Here is the vocabulary from last Saturday's English conversation walk. I can't believe how lucky we were with the weather ... it stayed dry and sunny all day. Half-an-hour after I got home, it thundered and hailed!
Thank you for all your hard work doing the history research and making it such an enjoyable afternoon.
I look forward to seeing you again soon.
To moan (verb): To keep saying what is wrong with something. To complain. E.g. The English always moan about the weather!
A moan (noun): E.g. She had a moan about all the work her manager expected her to do.
Touristy (adjective) (informal): Usually used negatively. Relating to or visited by tourists. It’s often used to suggest a lack of authenticity. E.g. A touristy shopping street.
Note: The word ‘touristic’ does not exist!
A pond (noun): An area of water that is smaller than a lake. E.g. she built a pond in her garden.
To borrow (something from somebody) (verb): To take or receive something from somebody that you intend to give back, usually after a short time. E.g. Can I borrow your pen for a minute, please? E.g. I borrowed some money from the bank to pay for my new car.
To lend (something to somebody) (verb): To allow somebody to use something for a short time. And to give somebody money that must be paid back after a certain period of time. E.g. Could you lend me £10 until Friday? E.g. He lent me his bicycle / he lent his bicycle to me.
A disease (noun): An illness of the body in humans, animals or plants. Trees and plants cannot be ‘sick’ – they can only be ‘diseased’. E.g. The trees became so diseased that they died. E.g. When we passed Barn Elms Playing Fields, I explained that his area got its name from the number of Elm trees that used to grow there. However, in 1970s, Dutch Elm disease killed the majority of Elm trees across the UK.
April Showers (expression): The expression we use to describe the short bursts of rain in spring.
A shower (noun): (see above) a short period of rain, often heavy.
To row (verb): To move a boat through the water using oars (= the long thin pieces of wood with flat parts at the end). E.g. There were lots of people rowing on the Thames last Saturday.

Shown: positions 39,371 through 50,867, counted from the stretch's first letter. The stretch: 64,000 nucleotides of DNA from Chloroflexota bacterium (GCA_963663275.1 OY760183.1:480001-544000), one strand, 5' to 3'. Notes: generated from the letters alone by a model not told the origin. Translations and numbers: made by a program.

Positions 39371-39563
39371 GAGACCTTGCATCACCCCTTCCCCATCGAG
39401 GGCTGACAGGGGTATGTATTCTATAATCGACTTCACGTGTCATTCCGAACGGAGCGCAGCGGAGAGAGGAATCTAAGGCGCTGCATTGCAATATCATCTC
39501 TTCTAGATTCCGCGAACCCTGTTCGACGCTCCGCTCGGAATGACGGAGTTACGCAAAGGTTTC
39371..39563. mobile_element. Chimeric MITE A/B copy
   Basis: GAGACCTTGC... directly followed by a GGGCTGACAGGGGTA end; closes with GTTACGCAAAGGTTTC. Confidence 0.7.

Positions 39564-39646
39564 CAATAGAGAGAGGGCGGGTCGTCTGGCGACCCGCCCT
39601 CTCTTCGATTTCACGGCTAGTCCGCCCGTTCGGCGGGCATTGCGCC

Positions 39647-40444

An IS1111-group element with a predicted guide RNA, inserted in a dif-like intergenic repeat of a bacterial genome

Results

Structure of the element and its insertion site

A knee-length skirt (adjective/noun): If we want to describe an item of clothing by its length, we often specify the area of the body where the clothing reaches too. E.g. The children had to wear knee-length skirts to school. E.g. She wore an ankle-length coat in winter.
Packed (adjective): Crowded tightly together. E.g. The museum was packed with tourists / packed full of tourists. (negative meaning) E.g. The train is always packed in rush hour. (negative meaning) E.g. My sandwich is packed full of cheese and salad. It’s lovely. (positive meaning)
Common (adjective): usual
E.g. It’s common for a student to feel silly/embarrassed when we make mistakes learning English.
E.g. We make common mistakes.
Note: We can’t say: ‘I have to return to my common work. We can say: ‘I have to return to my usual work.
Common (adjective / expression): ordinary, not special.
E.g. The officers had much better living conditions than the common soldiers.
E.g. We often refer to the ‘common man’ = ordinary people, not the wealthy, politicians, celebrities etc.
E.g. It’s common to meet foreign people in London (= it’s nothing unusual or strange)
To differentiate (between one thing and another) (verb): To see or show how things are different between A and B. E.g. It’s difficult to differentiate (hear the difference) between a Scottish and a Welsh accent if you are an English language student.
The ground (noun): The solid surface of the earth. E.g. We sat on the ground to eat our picnic.
The grounds (noun): The land or gardens surrounding a large house or building. E.g. The grounds of Fulham Palace are lovely in spring.
Grounds (for something or for doing something): A reason for something. E.g. She divorced her husband on grounds of cruelty. E.g. The grounds for her dismissal were dishonesty.
Rhubarb (noun): A plant with red stalks (= the long thin parts) that can be cooked and eaten as fruit. We usually call the stalks ‘sticks of rhubarb’ when buying them.
To stroll (verb): To walk slowly for pleasure. E.g. Let’s stroll along the beach before dinner.
A stroll (noun): A slow walk for pleasure. E.g. She went for a stroll through the grounds of Fulham Palace.